At the heart of Yosemite National Park, Yosemite Valley cuts 3,500ft deep into the earth and is walled by massive granite summits like El Capitan and Half Dome. Yosemite sits on the western slope of the Sierra Nevada mountain range in California, so it boasts plentiful high country, but most of the park’s main attractions lie deep in two valleys carved out by Tuolumne River, which leads to the gorgeous Tuolumne meadow at the foot of the El Capital, and the Merced River which forms Yosemite Valley. Its tributaries are responsible for plunging waterfalls like Yosemite and Bridalveil.
Incredibly, all of this is just a four-hour drive from San Francisco, which explains why it’s also one of the busiest National Parks in the country. However, the majority of the visitors are down in the valley and you can escape the crowds with a backpacking permit and head on a multitude of exhilarating adventures. Hike Half Dome or walk on part of the John Muir Trail or the Pacific Crest Trail, both of which run through the park. You can also head up to the high country from Tuolumne Meadows or, for the best views of the park’s main features without the crowds, hike south from Tioga Road.
4. Glacier, Montana
With over 700 miles of hiking trails and 65 backcountry campgrounds, Glacier National Park offers stupendous backpacking, from vast, glacier carved valleys to rugged peaks. Glacier covers over 1500 square miles of largely untouched wilderness where native species of plants and animals thrive, including 700 lakes and hundreds of waterfalls. Set in Montana’s Rocky Mountains all the way up at the northern border, and surrounded on all sides by National Forests, Indian reservations and Canada’s Waterton National Park, Glacier is a true paradise for anyone seeking solitude in the wilderness, and awesome wildlife viewing from imposing grizzly bears to timid mountain goats.
If it’s wildlife sightings you’re after, head for the epic 65-mile North Circle Loop, which takes in some of the park’s best features including the Highline Trail, Stoney Indian Pass, the Ptarmigan Wall and Ptarmigan Tunnel, the Many Glacier area and Piegan Pass. For a shorter adventure, Gunsight Pass is only 20 miles but delivers glaciers, snowfields, crossing the suspension bridge of St Mary river and of course, views for days.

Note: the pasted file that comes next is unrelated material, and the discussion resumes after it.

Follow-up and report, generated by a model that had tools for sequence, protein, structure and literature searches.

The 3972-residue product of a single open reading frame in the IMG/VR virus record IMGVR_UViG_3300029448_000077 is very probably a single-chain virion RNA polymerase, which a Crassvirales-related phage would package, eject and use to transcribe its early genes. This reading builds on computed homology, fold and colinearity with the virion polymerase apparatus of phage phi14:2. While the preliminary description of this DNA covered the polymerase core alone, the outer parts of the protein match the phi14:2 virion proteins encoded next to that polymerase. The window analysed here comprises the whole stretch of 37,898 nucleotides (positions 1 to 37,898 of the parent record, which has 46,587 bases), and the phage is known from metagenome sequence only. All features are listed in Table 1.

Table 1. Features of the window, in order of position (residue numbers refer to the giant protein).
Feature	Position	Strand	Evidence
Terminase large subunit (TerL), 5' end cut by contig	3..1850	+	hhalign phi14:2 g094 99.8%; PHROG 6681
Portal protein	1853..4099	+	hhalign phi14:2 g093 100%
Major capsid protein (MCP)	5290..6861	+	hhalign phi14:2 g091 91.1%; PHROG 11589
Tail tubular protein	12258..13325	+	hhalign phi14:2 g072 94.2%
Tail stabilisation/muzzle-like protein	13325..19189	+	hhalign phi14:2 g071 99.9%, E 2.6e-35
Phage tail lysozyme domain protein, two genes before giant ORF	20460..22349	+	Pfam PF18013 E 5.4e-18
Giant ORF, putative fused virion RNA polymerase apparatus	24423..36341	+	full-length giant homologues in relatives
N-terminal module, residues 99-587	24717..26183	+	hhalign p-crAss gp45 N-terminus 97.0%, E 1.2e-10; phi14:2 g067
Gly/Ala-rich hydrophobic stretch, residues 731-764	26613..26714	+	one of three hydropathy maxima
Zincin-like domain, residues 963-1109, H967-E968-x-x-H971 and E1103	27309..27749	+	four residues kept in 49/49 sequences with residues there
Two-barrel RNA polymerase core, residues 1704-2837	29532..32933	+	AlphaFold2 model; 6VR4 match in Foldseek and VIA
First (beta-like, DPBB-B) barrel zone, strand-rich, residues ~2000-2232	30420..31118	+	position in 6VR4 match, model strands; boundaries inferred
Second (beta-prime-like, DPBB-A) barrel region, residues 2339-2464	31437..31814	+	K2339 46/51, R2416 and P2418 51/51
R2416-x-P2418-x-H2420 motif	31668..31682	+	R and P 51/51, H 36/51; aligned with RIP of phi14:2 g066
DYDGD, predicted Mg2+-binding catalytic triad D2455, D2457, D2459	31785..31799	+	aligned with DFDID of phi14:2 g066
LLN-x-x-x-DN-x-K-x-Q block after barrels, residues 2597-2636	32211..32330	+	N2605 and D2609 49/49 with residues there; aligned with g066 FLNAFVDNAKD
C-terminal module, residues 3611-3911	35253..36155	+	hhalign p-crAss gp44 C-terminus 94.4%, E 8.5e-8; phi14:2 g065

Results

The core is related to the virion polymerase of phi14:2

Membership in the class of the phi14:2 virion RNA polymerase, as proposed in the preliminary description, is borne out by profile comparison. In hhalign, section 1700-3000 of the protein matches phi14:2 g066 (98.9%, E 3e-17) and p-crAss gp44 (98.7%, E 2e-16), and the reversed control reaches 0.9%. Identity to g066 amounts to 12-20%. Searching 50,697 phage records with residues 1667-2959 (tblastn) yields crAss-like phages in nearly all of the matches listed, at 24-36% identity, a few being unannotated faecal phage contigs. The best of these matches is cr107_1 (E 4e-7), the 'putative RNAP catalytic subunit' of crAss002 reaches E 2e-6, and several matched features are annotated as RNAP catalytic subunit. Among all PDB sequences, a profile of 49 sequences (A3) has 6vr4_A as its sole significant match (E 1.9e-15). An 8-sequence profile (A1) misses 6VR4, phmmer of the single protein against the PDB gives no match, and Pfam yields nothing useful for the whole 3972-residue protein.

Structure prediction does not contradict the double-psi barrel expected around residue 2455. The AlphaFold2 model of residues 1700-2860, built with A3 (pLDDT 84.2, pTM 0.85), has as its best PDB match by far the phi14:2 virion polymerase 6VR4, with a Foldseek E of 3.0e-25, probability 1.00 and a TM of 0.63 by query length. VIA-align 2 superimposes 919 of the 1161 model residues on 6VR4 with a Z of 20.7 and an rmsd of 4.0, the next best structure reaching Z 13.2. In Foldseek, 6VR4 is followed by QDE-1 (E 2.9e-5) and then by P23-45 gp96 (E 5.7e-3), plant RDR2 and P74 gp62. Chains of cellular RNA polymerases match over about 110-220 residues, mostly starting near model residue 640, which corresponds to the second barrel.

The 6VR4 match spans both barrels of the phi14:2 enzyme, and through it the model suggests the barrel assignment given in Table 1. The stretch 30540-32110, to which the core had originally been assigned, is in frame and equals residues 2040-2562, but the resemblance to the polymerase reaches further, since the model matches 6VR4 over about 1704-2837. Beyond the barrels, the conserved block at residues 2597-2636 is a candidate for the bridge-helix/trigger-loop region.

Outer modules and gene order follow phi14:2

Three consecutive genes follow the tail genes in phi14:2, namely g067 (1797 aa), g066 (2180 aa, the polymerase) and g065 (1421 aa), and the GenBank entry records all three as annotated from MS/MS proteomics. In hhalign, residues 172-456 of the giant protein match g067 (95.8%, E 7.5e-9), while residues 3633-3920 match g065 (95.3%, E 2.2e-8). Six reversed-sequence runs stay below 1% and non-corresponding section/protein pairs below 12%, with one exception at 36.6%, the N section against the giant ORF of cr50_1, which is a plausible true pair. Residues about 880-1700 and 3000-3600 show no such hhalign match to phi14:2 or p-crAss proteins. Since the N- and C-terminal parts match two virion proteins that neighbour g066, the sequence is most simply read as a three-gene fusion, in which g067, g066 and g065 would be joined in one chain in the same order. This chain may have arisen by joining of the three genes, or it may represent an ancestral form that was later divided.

5. Grand Canyon, Arizona
Grand Canyon National Park is 277 miles long and up to 18 miles wide, making it one of the biggest canyons in the world. It is located in Arizona and is about a three-and-a-half hour drive from Phoenix, four-and-a-half from Las Vegas. This iconic spot is easily one of the most photographed places in the world, but there’s nothing quite like standing on the canyon rim and taking it all in with your own eyes. The canyon was carved by the Colorado River on its journey from the Rockies to the Gulf of California, though at over a mile deep you can rarely see it. You can, however, hike down to it, which is a serious – but unforgettable – endeavor.
The Bright Angel Trail begins just west of the Bright Angel Lodge and descends 4,380ft to the river over ten miles of desert hiking with an average grade of 10%, and when you get to the bottom, there isn’t an elevator ride back to the top. With a camping permit, you can turn this into an unforgettable overnight trip. Alternatively, the North Kaibab Trail is the only maintained trail into the canyon from the North Rim, beginning about two miles north of Grand Canyon Lodge with delightful views, waterfalls and plenty of physical challenge.
6. Grand Teton, Wyoming
Just thirty miles south of Yellowstone, Grand Teton National Park centers around the extraordinary 40-mile Teton mountain range which forms a distinctive jagged horizon that’s unlikely any other mountain range. The near-pristine ecosystem of the park is home to wildlife and flora that can be traced back to prehistoric times and dotted with crystal clear lakes and rivers.
Hundreds of miles of hiking trails provide access to backcountry camping areas, and the Teton Crest Trail is undeniably the best backpacking experience here. Stretching for up to 45 miles, depending on your route, this high alpine trail rarely drops below 8,000ft as it winds through the Jedediah Wilderness Area, Bridger-Teton and Caribou-Targhee National Forests as well as the park.